Back in New York, a “Disco of Discontent” party took place in Times Square. Over 500 Critical Mass bicyclists spread throughout the city in groups of ten to announce this dance of dissent. By midnight, hundreds of drummers and other musicians responded to the call and provided un-amplified music in what has been called “New York’s largest ever jam session.” At one point, the crowd chanted, “That’s the Night that the Lights went Out in the Garden.” Tens of thousands of sweaty, shirtless revelers filled the streets and were fed by Food Not Bombs, who brought food and gas stoves on bike trailers.
“I don’t know what this all means, but it is totally fabulous,” said Mike Schnepper of Tulsa, Oklahoma. “I feel like I have finally gone over the rainbow.”
As daylight broke, there was still no power and the cause of the massive blackout could not yet be determined. Reaction abroad was swift: Prime Minister Tony Blair called for extra security in London, just in case terrorists would strike the British capital. “We offer full support to the United States in this, their hour of need,” he said; President Hugo Chavez of Venezuela offered to send food aid to the United States; Saudi Arabia refused calls for an emergency meeting of OPEC nations as oil prices increased $9 a barrel overnight.
Thousands of Iraqis celebrated in the streets. Signs in Baghdad alluded to the lack of electricity in their country every day since the US invasion; and a tape reported to be the voice of Osama bin Laden declared the blackout “an act of God.” He added, “Allah is on our side and he shut off the lights on Broadway, signaling an end to the domination of the decadence of the West.” He called for increased attacks on American troops in Iraq, Afghanistan, Pakistan, Palestine, Kuwait, Turkey, Germany, The Philippines, Japan. Colombia, and New York.
Both major American political parties sought to use the crisis to gain votes in the upcoming election. Democratic Presidential candidate John Kerry accused the Bush Administration of loose energy oversight. Bush shot back with claims that Democrats had weakened the power grid. Campaign records showed that contributions from electric utility executives were running close to 1:1 for the Democrats and Republicans. Anindhati Roy of India, who was denied entry to attend Convention protests, said that the United States “is straining the whole world’s resources and destroying ecological balance with its obscene energy use.”
Stories filtered in about the trials of Republican Convention delegates who were stranded in New York. “I had to walk miles through that sin-ridden city to get to the George Washington Bridge and escape from that city.” said Mary Ford of Bloomfield Hills, Michigan. “I broke a heel on a $346 pair of shoes.”
Some delegates returned to the Hyatt where hotel management provided all guests with flashlights and room service. There was no relief from the relentless heat, and there was no air conditioning. “The party must go on,” said Senator Mitch McConnell of Kentucky. “We are the greatest country in the world and I am here to celebrate President Bush’s re-election with thousands of concerned Red, White, and Republican countrymen.”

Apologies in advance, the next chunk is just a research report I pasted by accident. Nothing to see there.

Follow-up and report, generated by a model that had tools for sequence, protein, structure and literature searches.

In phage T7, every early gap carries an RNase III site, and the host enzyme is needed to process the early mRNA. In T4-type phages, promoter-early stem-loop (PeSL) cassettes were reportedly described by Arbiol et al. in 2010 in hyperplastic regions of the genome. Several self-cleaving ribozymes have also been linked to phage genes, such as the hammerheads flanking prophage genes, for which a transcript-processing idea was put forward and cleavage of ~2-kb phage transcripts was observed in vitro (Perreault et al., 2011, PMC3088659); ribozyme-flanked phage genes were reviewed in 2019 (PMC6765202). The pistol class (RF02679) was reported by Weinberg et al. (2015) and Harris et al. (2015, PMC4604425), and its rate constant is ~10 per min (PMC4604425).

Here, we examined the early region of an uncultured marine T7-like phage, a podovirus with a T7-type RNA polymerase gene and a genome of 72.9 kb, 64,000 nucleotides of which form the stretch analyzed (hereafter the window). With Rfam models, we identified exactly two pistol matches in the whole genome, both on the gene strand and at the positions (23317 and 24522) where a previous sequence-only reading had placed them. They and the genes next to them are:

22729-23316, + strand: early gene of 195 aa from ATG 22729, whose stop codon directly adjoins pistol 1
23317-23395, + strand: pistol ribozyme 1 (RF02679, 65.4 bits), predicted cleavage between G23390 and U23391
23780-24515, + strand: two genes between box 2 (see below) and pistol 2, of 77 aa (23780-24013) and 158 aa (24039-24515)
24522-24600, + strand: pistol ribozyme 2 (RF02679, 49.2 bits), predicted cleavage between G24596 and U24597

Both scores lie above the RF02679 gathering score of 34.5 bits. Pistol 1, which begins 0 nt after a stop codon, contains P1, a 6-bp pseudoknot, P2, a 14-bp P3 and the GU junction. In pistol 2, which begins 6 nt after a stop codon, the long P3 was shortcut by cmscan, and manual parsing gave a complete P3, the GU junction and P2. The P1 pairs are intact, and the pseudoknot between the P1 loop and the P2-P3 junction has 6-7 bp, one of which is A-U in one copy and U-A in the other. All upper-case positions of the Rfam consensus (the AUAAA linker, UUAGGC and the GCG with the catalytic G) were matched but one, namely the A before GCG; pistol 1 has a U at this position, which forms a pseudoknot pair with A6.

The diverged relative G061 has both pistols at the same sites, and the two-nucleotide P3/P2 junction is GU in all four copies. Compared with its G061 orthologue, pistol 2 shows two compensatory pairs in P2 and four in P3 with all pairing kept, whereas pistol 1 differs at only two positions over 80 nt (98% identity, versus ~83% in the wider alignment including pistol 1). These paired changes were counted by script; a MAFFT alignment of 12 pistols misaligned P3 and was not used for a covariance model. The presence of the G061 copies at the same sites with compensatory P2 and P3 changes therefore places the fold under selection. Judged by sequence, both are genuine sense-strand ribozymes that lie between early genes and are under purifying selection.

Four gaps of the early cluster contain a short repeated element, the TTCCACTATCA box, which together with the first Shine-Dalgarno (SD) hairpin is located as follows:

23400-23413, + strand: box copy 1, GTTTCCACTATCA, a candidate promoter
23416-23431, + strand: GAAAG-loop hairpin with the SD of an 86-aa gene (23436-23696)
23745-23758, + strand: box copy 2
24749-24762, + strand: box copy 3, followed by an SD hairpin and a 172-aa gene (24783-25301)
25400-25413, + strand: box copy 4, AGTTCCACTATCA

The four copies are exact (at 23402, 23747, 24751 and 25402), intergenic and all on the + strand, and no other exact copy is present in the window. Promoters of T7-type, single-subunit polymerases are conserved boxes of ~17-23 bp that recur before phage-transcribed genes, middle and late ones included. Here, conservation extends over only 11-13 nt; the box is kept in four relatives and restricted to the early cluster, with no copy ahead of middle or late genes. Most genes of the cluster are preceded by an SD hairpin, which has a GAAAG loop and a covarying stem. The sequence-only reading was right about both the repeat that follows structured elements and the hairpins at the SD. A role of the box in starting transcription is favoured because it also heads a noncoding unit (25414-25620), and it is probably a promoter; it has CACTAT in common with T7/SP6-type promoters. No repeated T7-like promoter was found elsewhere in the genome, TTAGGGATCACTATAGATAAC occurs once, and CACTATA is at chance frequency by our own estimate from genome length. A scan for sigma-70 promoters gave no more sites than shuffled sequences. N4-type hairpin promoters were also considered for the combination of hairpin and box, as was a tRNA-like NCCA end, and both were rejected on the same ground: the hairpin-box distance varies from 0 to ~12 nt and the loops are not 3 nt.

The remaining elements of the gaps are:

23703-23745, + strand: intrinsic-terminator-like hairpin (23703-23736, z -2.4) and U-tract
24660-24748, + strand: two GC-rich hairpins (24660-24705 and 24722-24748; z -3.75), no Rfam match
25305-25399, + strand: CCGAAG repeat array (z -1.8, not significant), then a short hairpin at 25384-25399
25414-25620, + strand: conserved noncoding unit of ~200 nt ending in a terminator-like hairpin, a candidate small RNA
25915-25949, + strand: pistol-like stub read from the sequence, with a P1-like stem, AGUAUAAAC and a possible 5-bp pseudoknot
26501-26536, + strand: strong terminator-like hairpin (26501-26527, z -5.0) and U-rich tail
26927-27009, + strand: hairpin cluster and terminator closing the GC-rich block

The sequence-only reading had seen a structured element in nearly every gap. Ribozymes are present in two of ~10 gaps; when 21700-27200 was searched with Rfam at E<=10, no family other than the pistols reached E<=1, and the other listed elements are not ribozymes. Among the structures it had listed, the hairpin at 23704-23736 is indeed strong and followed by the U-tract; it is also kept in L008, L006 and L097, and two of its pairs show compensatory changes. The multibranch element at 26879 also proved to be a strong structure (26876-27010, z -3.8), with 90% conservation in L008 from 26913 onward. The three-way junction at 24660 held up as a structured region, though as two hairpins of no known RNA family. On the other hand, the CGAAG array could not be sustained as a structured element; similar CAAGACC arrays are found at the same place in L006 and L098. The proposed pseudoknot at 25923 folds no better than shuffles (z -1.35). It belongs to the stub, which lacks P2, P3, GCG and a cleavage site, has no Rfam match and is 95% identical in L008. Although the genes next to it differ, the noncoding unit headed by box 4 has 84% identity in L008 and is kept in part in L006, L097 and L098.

By the next morning, hundreds of protesters were reported missing and unaccounted for. The Internet was filled with speculation about the “new disappeared” in New York. Rumors of police brutality filtered in from all over New York City.
Targets included demonstrators and neighborhoods with large immigrant populations. In Brooklyn, police shut down all businesses in an African-American neighborhood, claiming that they had received threats. “I’ll show you what blackout means to me,” one white officer said as he swung his baton at the knees of a grocer.
The stories continue to roll in. At press time, former NYC Mayor Guliani was reported missing, and there were rumors that he had been taken hostage. No ransom note has been made public. Even the President chimed in on the “Save Rudy” campaign. “He is my friend,” said George Bush in a statement released by the White House, “and I urge the police to pull up every plant in every community garden in the city until they find the former mayor.”
Neighborhood and community groups throughout New York have begun a movement to secede from the United States. “New Yorkers are tired of all the crap we suffer from,” said Joe Minella, a grocery clerk in Queens. “The United States government is the biggest threat to our safety, with their lies and throwing our money at war games,” he added. Echoed Betsy Floss, a Harlem-based artist, “Ordinary people are not going to take this Bushit anymore. The US needs New York more than we need them, and it is time to stop paying taxes and get New York out of the US. We invite others to leave this country by staying home and dismantling all support for the empire.”
FE note: Obviously, this account is fictional, but it will be interesting to see whether nature will cooperate in the attempt to halt the grotesquerie the vile Republicans are bringing to New York. We’ll probably be on our own, so let’s make it happen. See Calendar of Resistance, page 61.
See you in New York.